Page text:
We are commanded by God to involve others in fulfilling the vision:

II Timothy 2:2 (NLT) You have heard me teach things that have been confirmed by many reliable witnesses. Now teach these truths to other trustworthy people who will be able to pass them on to others.

But how can we be assured that, when we share the vision with others who may help to accomplish it, it doesn’t get watered down?  We have to keep the original from degenerating, from blurring.

Seriously, I would love some feedback on this. Shoot me some ideas. I want to know how we share what God has told us with others who will do the same, all without dulling the edge.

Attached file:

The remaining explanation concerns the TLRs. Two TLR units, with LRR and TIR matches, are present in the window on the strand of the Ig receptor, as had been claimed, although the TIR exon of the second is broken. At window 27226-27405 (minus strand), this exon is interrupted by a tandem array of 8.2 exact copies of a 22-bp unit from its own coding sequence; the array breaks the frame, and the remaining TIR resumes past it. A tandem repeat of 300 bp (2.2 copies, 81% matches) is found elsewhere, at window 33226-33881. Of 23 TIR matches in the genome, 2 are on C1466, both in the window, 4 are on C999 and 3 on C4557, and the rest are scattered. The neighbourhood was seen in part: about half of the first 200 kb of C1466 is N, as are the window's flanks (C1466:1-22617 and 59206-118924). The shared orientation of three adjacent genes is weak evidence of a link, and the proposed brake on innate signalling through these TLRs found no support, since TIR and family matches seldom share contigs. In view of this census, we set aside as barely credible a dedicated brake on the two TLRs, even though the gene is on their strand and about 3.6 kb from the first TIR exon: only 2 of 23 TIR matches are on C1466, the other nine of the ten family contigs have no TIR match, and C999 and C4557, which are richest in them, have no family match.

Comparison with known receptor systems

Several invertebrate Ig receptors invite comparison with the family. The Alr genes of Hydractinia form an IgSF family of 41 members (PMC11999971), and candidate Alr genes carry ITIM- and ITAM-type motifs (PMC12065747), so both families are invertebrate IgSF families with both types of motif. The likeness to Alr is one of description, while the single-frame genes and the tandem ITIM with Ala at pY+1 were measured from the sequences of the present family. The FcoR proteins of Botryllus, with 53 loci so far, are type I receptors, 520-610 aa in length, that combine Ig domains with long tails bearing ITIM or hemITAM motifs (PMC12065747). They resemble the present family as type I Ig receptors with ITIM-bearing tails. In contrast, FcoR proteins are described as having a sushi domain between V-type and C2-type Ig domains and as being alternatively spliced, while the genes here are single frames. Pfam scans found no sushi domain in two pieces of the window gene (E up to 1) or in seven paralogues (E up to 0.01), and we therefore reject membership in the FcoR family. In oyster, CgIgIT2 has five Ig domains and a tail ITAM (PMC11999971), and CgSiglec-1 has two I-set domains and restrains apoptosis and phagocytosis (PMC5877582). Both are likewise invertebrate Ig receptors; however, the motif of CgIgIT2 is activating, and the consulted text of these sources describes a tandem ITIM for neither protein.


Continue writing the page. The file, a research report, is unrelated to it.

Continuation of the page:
takeaways from the 120

You learn some stuff while riding your bike for 120 miles. Maybe the first lesson is: don’t ride your bike 120 miles! Just kidding.

The 120 for Orphans was sponsored by International Orphan Support. The money raised is going to at least 2 projects: a well for the orphanage at Dufailly, Haiti (the money has already been delivered there!) and food, new beds and security bars for the Casa Shalom Orphanage in Guatemala! For more info on these and more projects, click on the website for International Orphan Support.

Simply put: this is all about the kids. They need help and we did something about it.

I had more fun at the 120 for Orphans than I’ve had in a long time. We have amazing friends – I mean really good people. And I am absolutely blown away to see how much people are willing to do for a cause in which they really believe.